OPINION: There is no quick fix for Europe’s self-manufactured energy crisis – by Eric Reguly (Globe and Mail – October 9, 2021)


Suppose you were told 10 years ago that you had 10 years to replace your soot-spewing diesel car. You did not. Now, you’ve missed the deadline and have no right to be surprised by your sudden lack of four-wheeled transportation – you had ample time to buy a hybrid or electric car.

So it is with Europe. A bit more than a decade ago, a concerted effort was launched within the European Union countries and a few others on the continent to phase out their coal-fired generating plants to clean the skies and slow the pace of global warming.

Read more

The Hottest Party in the Metals World Is Back, But Much Smaller – by Jack Farchy and Mark Burton (Bloomberg News – October 10, 2021)


(Bloomberg) — Near-record copper prices are usually a sure sign that the parties will be extravagant and the champagne will flow all night when the metals world descends on London. But with Covid-19 still raging across much of the globe, the famously rowdy annual gathering of traders, financiers and producers won’t be quite the same.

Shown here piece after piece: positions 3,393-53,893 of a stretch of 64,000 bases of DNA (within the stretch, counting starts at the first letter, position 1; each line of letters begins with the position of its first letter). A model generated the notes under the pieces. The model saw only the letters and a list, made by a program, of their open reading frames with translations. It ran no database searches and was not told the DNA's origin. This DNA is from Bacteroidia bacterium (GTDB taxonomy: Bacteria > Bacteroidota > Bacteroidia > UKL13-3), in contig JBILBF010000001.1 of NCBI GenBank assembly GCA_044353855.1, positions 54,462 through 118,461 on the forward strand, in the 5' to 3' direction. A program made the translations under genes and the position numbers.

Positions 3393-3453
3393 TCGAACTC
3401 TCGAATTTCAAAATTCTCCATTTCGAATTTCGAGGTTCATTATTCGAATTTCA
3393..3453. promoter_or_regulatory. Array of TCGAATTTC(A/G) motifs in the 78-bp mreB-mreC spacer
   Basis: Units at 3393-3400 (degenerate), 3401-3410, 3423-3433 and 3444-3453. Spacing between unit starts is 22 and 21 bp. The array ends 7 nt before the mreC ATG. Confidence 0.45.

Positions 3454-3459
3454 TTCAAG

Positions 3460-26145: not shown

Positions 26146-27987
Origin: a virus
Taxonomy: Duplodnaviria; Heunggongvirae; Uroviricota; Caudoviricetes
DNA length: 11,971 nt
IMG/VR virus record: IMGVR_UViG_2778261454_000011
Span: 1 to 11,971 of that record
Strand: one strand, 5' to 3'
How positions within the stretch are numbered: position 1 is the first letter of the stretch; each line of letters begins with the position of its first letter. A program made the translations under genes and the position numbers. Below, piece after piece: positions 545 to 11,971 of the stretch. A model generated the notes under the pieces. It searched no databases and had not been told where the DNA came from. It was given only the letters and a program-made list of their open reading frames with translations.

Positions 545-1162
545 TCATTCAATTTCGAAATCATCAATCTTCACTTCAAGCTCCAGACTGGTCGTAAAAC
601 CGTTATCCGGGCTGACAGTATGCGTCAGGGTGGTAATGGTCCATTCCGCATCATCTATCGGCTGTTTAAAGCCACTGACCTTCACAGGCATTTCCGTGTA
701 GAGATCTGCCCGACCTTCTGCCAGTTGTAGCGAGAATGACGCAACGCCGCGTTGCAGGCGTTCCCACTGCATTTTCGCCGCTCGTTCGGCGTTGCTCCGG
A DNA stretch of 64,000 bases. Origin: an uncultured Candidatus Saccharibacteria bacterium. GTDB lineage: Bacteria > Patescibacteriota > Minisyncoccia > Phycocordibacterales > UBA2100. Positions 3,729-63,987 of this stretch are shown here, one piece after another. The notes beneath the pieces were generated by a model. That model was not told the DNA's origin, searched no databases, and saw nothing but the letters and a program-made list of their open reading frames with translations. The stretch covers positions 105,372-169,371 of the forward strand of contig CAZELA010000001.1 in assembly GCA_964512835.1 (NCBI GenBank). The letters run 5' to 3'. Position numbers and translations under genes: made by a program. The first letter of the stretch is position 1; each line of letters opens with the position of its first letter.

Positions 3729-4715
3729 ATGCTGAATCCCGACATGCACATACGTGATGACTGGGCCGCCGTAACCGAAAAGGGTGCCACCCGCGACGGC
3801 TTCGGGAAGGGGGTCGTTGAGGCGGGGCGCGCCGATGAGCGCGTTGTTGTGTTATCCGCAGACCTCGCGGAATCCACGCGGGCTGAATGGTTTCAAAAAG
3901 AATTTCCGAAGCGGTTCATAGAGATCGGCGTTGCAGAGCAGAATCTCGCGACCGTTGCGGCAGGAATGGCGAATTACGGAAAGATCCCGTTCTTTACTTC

Several of the best-attended parties will be missing from this year’s London Metal Exchange Week, which is returning after skipping 2020 due to virus restrictions. And many regular attendees from Asia, the most important driver of metals demand, and from South America, the key mining region, are opting to stay at home.

Read more

Column: Europe races to fix its rare earths import dependency – by Andy Home (Reuters – October 8, 2021)


LONDON, Oct 8 (Reuters) – Europe is on a mission to wrest back control of its rare earth magnet supply chain from China. Permanent magnets, commonly using a neodymium-iron-boron chemistry, are one of the hidden enablers of modern technology, powering everything from robots to refrigerators to laptop speakers.

They also help power electric vehicle (EV) and wind turbine motors, placing them at the heart of the energy transition. However, as the rest of the world has come to realise, these critical minerals are also critically dependent on China, which dominates the global supply chain from rare earth processing through magnet production.

Read more